He said the Land and Sea Co-op had been set up in part to allow smaller operators to group together to make insurance affordable and questioned why smaller operators on Public Beach could not get insurance through that group.

Many in the room, including water-sports business owners, seemed stunned that many basic safety standards appeared to be optional.

A member of the public, Kathryn Willman, gave a perspective from outside of the industry. “I am absolutely horrified that you don’t need a license or insurance to drive a boat,” she said.

“Why don’t you need a license to drive something when you could kill people and why don’t you need insurance?”

Mr. Jackson, of the Port Authority, said he agreed that one should and urged government to implement it.

Commissioner of Police Derek Byrne said he was particularly concerned about Jet Skis and WaveRunners, as well as some of the party boats that moor up in the North Sound and at Rum Point on Sundays. He said police had rescued two people in difficulty on WaveRunners over the weekend, one of whom did not appear to have been given any kind of safety briefing.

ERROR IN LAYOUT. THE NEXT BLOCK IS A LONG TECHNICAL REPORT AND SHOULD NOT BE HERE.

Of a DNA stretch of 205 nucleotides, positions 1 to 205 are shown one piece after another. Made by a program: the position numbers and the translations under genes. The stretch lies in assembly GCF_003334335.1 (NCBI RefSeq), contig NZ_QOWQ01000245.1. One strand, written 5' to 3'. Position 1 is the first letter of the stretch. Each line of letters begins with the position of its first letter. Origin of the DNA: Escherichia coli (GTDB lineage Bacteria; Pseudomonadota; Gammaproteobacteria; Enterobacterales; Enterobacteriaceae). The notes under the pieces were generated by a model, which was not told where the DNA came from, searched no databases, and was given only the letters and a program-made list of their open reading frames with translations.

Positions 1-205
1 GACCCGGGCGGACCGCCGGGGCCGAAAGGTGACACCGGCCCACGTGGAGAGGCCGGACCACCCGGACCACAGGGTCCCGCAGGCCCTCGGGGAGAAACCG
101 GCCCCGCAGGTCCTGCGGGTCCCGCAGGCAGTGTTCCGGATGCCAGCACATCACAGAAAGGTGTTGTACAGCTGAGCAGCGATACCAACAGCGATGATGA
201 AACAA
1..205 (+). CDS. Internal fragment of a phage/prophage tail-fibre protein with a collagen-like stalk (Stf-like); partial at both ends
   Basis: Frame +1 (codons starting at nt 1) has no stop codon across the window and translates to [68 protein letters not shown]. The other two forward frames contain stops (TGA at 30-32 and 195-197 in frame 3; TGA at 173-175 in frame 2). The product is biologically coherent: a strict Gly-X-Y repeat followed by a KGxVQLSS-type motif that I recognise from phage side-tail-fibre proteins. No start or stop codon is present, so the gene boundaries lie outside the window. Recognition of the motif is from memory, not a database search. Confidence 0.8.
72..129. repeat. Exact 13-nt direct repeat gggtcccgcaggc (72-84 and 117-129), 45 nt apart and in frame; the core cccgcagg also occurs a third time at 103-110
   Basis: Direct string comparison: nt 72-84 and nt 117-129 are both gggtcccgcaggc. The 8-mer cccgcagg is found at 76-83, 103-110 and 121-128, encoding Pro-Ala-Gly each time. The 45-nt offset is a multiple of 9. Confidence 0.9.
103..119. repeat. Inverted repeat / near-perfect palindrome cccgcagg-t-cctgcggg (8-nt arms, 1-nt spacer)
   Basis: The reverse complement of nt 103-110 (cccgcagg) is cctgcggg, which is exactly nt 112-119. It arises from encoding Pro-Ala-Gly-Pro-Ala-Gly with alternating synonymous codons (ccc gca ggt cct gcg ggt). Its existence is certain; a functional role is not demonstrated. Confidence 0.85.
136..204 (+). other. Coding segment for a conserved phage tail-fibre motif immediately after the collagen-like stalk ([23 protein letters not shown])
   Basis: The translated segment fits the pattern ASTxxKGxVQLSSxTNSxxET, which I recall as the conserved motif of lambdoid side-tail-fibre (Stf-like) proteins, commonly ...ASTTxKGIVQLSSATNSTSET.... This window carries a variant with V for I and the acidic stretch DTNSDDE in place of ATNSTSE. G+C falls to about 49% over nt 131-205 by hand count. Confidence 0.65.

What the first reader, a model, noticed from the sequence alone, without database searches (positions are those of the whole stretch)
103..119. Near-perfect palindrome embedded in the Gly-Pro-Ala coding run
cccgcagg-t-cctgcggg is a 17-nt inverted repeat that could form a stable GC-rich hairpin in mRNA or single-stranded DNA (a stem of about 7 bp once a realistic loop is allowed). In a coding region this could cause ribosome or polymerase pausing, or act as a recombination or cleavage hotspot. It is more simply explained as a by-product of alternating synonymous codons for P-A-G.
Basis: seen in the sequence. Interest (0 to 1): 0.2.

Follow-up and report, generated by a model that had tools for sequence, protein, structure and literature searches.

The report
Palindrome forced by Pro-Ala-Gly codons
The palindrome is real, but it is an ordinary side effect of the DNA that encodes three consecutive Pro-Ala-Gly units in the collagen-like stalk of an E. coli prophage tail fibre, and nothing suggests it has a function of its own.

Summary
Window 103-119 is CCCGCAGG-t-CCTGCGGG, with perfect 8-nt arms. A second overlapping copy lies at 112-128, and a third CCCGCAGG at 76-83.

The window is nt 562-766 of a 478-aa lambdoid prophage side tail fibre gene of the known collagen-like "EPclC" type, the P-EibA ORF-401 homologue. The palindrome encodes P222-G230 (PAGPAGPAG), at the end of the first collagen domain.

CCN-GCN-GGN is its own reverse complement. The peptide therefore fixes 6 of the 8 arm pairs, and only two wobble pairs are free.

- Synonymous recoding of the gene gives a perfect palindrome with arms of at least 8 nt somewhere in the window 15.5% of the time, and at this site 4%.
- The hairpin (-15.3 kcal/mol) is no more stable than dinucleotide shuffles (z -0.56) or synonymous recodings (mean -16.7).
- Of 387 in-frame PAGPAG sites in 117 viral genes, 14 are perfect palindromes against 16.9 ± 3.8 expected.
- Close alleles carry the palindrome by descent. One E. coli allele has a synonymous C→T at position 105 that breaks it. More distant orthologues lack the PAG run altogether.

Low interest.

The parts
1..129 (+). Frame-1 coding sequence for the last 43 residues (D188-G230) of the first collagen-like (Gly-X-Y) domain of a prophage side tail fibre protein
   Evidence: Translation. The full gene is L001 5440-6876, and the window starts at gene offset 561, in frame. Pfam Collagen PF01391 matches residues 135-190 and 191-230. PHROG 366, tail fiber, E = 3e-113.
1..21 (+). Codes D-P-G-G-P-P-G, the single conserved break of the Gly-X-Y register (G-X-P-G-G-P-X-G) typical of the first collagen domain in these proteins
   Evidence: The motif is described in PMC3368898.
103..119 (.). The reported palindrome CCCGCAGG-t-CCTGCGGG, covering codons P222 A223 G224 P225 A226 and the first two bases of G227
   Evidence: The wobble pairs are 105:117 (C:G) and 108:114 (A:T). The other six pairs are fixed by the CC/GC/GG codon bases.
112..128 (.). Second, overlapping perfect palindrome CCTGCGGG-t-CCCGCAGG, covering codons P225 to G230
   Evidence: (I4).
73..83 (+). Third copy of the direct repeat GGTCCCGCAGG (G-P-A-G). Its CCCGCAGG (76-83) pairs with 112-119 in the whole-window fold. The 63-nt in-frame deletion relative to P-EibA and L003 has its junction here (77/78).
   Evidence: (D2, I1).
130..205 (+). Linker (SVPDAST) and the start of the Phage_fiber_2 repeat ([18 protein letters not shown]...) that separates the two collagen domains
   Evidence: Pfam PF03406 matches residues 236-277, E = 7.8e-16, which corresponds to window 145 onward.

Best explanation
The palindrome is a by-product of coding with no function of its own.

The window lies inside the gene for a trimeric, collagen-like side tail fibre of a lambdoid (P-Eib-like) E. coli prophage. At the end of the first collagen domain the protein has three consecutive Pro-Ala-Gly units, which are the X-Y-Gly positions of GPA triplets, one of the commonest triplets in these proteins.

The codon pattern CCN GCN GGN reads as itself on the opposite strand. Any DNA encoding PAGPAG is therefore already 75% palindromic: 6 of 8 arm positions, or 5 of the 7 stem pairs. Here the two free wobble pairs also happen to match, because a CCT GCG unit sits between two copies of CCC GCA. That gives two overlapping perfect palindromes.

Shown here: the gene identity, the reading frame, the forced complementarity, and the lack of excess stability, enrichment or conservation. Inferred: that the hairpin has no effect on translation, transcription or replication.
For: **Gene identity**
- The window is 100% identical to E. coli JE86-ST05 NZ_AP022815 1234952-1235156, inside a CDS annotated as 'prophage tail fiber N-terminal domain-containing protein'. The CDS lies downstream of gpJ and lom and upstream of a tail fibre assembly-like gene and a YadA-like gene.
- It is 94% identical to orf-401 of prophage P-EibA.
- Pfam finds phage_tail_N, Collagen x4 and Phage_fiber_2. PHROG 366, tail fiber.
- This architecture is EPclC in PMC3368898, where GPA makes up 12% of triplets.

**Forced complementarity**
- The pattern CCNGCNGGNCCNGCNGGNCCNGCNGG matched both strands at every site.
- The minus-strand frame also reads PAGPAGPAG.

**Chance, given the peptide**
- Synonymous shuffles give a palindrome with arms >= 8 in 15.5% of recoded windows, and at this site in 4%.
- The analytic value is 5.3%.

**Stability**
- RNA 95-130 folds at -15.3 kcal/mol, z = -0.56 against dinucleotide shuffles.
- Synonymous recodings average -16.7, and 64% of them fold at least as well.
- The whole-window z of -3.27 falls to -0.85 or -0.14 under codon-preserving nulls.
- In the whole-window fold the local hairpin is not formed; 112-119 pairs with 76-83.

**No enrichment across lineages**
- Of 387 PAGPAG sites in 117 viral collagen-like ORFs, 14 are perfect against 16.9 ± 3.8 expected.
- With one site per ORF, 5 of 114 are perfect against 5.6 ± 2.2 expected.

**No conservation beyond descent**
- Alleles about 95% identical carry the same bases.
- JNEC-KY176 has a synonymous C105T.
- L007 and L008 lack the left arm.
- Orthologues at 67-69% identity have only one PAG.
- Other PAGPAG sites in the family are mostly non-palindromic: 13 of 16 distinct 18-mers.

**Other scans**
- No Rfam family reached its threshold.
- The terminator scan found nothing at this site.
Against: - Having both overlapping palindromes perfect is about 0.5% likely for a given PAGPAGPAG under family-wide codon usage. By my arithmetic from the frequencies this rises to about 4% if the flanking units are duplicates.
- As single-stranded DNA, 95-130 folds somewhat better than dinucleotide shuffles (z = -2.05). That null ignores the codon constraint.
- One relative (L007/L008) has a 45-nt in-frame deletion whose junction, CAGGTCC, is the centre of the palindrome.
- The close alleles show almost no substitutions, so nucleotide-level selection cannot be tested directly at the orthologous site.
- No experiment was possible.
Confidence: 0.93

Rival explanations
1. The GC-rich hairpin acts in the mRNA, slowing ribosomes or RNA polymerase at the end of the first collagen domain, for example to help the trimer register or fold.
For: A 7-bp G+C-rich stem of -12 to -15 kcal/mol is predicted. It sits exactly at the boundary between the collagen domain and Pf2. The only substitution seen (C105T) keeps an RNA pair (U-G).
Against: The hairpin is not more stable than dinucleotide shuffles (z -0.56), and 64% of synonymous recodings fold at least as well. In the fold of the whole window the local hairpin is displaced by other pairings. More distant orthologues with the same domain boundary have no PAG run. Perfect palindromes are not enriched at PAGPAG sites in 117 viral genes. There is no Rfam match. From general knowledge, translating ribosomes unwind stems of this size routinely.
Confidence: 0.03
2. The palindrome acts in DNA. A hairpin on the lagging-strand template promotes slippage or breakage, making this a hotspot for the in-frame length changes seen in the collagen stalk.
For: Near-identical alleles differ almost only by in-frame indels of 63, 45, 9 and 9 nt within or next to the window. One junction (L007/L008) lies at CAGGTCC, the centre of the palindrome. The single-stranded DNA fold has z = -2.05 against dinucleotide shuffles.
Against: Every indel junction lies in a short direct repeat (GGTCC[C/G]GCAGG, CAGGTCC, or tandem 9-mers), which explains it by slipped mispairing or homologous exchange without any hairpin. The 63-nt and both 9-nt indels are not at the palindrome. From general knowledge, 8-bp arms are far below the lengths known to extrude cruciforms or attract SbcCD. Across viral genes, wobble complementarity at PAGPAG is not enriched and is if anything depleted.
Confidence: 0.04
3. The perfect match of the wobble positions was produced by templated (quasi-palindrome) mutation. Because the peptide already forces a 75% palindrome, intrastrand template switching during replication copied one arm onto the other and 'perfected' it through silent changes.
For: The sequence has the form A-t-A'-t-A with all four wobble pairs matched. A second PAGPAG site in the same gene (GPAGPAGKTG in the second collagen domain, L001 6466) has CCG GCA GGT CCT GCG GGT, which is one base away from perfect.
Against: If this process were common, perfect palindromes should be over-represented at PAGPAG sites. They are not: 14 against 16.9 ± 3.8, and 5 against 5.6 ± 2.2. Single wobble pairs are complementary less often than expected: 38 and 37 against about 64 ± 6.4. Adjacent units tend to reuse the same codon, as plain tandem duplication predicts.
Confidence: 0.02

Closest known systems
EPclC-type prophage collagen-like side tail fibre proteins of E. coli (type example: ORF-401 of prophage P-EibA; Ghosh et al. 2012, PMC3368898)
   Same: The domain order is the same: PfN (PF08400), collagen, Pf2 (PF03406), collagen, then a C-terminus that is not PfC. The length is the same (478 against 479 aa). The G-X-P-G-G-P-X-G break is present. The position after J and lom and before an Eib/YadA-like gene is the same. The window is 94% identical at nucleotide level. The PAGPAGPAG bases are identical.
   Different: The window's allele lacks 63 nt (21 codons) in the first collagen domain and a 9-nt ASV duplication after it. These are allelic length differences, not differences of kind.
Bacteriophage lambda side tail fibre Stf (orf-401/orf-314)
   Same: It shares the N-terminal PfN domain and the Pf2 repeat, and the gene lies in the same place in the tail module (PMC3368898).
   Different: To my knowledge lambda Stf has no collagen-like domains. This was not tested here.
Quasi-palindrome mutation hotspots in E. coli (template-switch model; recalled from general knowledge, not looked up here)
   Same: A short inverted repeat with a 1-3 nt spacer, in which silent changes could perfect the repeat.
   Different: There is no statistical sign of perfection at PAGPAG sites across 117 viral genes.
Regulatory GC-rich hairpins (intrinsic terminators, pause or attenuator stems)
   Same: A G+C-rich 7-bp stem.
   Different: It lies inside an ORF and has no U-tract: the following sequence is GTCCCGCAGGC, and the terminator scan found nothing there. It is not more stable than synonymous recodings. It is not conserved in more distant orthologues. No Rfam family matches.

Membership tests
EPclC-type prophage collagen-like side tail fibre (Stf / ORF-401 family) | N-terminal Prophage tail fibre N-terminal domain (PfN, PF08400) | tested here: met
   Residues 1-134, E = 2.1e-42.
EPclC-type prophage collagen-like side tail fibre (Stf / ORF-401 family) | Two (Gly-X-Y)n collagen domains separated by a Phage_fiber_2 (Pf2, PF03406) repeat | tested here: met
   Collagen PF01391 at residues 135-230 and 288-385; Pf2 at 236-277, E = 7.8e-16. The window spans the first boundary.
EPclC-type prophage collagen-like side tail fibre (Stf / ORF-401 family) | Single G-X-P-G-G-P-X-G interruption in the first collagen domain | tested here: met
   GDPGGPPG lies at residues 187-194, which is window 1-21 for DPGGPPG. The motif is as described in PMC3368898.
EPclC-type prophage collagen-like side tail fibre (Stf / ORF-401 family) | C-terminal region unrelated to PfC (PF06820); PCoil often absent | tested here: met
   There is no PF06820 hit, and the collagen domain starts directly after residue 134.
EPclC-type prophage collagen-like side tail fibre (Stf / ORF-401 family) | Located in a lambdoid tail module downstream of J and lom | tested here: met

He recommended that the various bodies responsible for Cayman’s waters come together to produce a national water safety strategy. He said police were stepping up enforcement and that would increase further once the coastguard was established. But, he said, an industry-wide set of standards would help police do their job and identify areas where the law or regulations may need to be altered.

“It seems to me it would be a fairly small piece of work to identify the current position, the desired state, identify the gap and close the gap,” he said.

Some on the panel felt it would require legislative change to ensure uniform standards across the industry.

Mr. McDowell said, “Someone is going to have to stand up and have the courage to make some decisions regarding registration of boats, boat operating licenses and insurance. Set them in stone and say these are the minimum requirements, no ifs or buts.”

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  1. I don’t understand why anyone is surprised by this. It just seems to me you’re re-visiting something that should have been dealt with over a decade ago.